by Rebecca Fairley Raney
 
 
 

The Daily Report/Progress Bulletin

Sunday, Feb. 4, 1990

Police crack down on crack with Operation Hot Spots

(EXCERPT)

IT'S 8 O'CLOCK on a Saturday night, and the drug trade is hopping in Pomona. The dealers know it. The buyers know it. The cops know it.

Twenty officers are out tonight in plain white cars. They aren't waiting for calls to come in; they're looking for trouble in the worst parts of the city.

The first place they look is an area in northeast Pomona known as "The Islands."

An undercover officer goes in to buy crack. His colleagues wait nearby, engines running, headlights out, to hear the radio broadcast that describes the person who sells him the drugs.

The broadcast comes.

" . . . Second house south of Digby, male black, 200 pounds. The other is a male Mexican, about 4 feet 10 . . . "

But before the cops find them, the undercover guy makes a second broadcast.

"I just did another one. Black male, dark blue sweatshirt . . . "

Three police cars converge. They find the man in the sweatshirt standing with a woman on a dark street. His hands are in the air before the police are out of their cars.

When they search him, a $20 bill drops out of his pants pocket -- the marked bill the officer gave him.

As the man is led away, Lt. Larry Todd tells the girl on the street: "You're lucky. You didn't go to jail and your friend did. How old are you?"

He shines the flashlight in her eyes to check her pupils.

"Twenty-two," she says.

The size of her pupils is normal; no indication of heroin or cocaine use.

"Where do you live?"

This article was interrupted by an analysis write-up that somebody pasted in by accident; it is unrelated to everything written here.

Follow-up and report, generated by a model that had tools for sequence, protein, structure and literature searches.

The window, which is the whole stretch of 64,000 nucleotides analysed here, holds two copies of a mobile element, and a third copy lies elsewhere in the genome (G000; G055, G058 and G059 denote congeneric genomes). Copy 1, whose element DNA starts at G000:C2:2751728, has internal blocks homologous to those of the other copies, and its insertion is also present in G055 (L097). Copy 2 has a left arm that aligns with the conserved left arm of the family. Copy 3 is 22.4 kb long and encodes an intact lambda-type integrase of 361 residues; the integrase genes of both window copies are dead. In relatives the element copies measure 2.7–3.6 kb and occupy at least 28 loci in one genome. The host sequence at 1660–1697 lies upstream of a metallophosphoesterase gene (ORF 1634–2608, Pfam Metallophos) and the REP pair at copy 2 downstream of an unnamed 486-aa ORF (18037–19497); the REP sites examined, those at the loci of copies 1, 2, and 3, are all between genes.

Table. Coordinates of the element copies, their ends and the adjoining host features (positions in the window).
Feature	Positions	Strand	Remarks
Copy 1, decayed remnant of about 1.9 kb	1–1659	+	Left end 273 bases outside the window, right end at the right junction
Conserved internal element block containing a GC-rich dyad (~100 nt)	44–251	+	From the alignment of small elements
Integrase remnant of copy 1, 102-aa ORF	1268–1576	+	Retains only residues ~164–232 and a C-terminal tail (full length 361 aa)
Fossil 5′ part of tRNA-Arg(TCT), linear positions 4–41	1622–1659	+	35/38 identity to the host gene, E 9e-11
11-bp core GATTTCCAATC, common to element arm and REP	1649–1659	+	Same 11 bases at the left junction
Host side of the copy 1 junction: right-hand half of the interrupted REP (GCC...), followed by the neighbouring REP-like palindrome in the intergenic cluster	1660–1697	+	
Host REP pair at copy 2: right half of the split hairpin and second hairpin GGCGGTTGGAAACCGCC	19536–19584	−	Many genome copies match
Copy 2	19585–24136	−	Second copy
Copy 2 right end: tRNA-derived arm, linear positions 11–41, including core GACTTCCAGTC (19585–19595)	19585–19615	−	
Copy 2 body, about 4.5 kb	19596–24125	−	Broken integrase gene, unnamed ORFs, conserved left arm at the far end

"Down the street."

"Well, that's where you should go," Todd says.

THEY BUSTED people left and right that night. By 2 a.m., the Operation Hot Spots team had taken in 17.

The team is a beefed-up version of the department's major crimes task force.

As part of a monthlong experiment, the department has added more officers to the group and changed its emphasis.

Whereas the team used to concentrate on catching big-time drug dealers, now it is hitting the people the public complains about most: street dealers, prostitutes and gang members.

The team's objective, in short, is to clean up the worst parts of town -- the "hot spots."

They identify those spots in several ways.

If the department receives four or five complaints a day about an area, the area makes the list. A spate of gang violence will make an area a target. If the department's computer printouts reveal a pattern of calls, the area will hit the list.

The team's activities in those areas are high-profile.

Todd said they're sending a message.

"What we try to do is go out and make a scene out of it -- put arrestees on the ground face-down, let the public see," he said.

(CUT)

IT'S 12:30 A.M., and an undercover officer has gone to buy crack in a west Pomona neighborhood called "Sintown" -- a neighborhood where killings are common.

He makes a purchase, and the broadcast comes out.

" . . . white shirt, dark pants, red comb sticking out of his back pocket . . . "

But there's a big problem around the corner.

Another undercover officer is parked, waiting for his colleague to complete the drug deal, when a man walks up to his car and asks what he is doing.

The officer says he's waiting for some friends.

The man tells him to leave. The officer doesn't leave.

The man grabs a gun.

The officer speeds off with a broadcast: " . . . male Mexican in the middle of the street, may have a gun . . . "

Four police cars close in in no time.

Six officers are out of their cars, guns drawn, standing behind their car doors.

"Lay down!" Officer Fred Robison yells. "Put your hands straight up. Spread your legs! Spread your legs! Don't move."

The officers find a revolver.

Within seconds, the man and two others are face-down in the yard, illuminated by the high beams from four police cars.

As the man is taken away, the undercover officer makes a simple statement over the radio: "The guy was going to shoot me."

(CUT)

 
 

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